If it hasn’t become clear by now, I don’t know when it will: The City is not one of the good guys; they are not working on behalf of the needs of Des Moines or the region. And if you’re not willing to openly call out the City for all of their crap, then, at the risk of further alienating whoever, I can only make the following suggestions. Hopefully they will not appear too self-serving.

1. Encourage your followers to volunteer their time to help Seatacnoise.Info  in  our work–and that includes your connections with groups across the United States. We currently have several programs which are very time-consuming but which we believe can make a real difference soon; not twenty years from now. Here is a sampling:

    • Proposals to change State law (per Burien’s Airport Resolutions)to provide help for people with bad Port Packages and to provide more relief for more people. This is critical for everyone because thus far no one has succeeded in beating the Port. Ever. More than anything, we need a win in order to prove to totally disheartened residents that occasionally, we can challenge the Port. And the Port needs to see that we’re not always bargaining from a position of abject weakness.
    • An organized property tax revolt for homeowners inside the DNL65. Everyone inside the noise boundary should be filing for a tax write-down, sharing their data with us and then going back to the City and showing them how we’re going to take their money until they start fighting the Port more effectively. We can give people a step-by-step recipe. We’ve got five people on board. But I think we need 50 to get some attention. This should be an easy sell to your group because who doesn’t want to save money on their tax bill?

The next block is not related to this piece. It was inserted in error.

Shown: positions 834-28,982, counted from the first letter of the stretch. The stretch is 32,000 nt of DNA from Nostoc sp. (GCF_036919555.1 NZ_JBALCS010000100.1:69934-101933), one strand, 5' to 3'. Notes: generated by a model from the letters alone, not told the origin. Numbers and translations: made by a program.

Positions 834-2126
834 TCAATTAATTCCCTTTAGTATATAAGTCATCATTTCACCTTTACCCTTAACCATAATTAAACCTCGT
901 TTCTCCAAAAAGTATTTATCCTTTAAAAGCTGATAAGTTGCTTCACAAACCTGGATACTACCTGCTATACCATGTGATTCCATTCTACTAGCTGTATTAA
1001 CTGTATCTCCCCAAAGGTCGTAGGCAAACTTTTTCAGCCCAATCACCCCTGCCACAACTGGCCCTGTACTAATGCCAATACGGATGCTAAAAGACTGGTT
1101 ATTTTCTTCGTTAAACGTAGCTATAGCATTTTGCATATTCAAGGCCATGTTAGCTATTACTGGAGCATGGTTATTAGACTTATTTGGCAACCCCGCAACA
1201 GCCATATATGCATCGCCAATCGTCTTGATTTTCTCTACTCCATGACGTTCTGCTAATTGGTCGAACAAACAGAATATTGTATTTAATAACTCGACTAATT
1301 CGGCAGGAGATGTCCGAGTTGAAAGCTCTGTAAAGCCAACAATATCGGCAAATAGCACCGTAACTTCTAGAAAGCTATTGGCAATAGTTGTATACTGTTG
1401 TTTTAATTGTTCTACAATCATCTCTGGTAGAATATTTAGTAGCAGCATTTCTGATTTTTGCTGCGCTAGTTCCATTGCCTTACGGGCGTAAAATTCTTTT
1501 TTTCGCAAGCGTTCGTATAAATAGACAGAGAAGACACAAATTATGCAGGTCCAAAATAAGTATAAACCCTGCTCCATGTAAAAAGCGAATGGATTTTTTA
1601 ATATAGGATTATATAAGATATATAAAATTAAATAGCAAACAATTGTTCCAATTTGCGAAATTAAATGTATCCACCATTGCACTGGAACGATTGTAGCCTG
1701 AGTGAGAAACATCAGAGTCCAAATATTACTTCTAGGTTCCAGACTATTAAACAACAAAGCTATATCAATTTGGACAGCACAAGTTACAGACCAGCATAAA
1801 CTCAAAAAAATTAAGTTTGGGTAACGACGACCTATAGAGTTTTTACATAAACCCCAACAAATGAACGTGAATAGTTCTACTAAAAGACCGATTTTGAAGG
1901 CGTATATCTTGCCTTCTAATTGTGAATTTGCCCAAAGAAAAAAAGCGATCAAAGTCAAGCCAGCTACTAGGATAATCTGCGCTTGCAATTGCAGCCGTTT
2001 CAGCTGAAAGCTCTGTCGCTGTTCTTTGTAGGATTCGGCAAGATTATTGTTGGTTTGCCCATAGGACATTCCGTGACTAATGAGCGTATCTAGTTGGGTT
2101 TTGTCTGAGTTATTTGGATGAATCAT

• State legislation to get permanent funding for noise and pollution monitors paid for by the Port, but administered by a third-party. That way Cities won’t have to go begging and arguing (as they always do!) to run the thing.
    • A research project to compare Noise Mitigation Programs throughout the United States. We need to shame airport operators who haven’t done their best for residents. The Port has one of the poorest noise programs in the country, but no one knows this because the various Quiet Skies groups don’t have a way to pool their efforts. So no one has ever done fair comparisons and we all wander around in the dark. (Remember what the attorney said? “You seen one airport. You seen one airport.” Sure, if you haven’t compared the data.
    • Federal Legislation to make these surveys an annual requirement for receiving AIP Grants… and then a way to ding airports which don’t do a good job in terms of serving community residents.

Your followers tell me I should stop criticizing and offer solutions. I have solutions; just not the ones that the Cities and the Port want to limit us to. The old saying is that you can’t get out of a hole until you stop digging. We can’t get out of this hole until we stop enabling them and try something new. I flatter myself to think that I have it and need everyone’s help to make it happen.I want to conclude by saying that what I’ve written in no way discounts all the hard work you’ve put in. You don’t need me to tout your accomplishments and you deserve all the praise you get. Well, except from the City. Because the irony is that the City Of Des Moines would appear about 99% less credible today if they were not able to take your work as their accomplishments. And that’s what drives me crazy. 😀 I truly hope you find at least some black humour in that.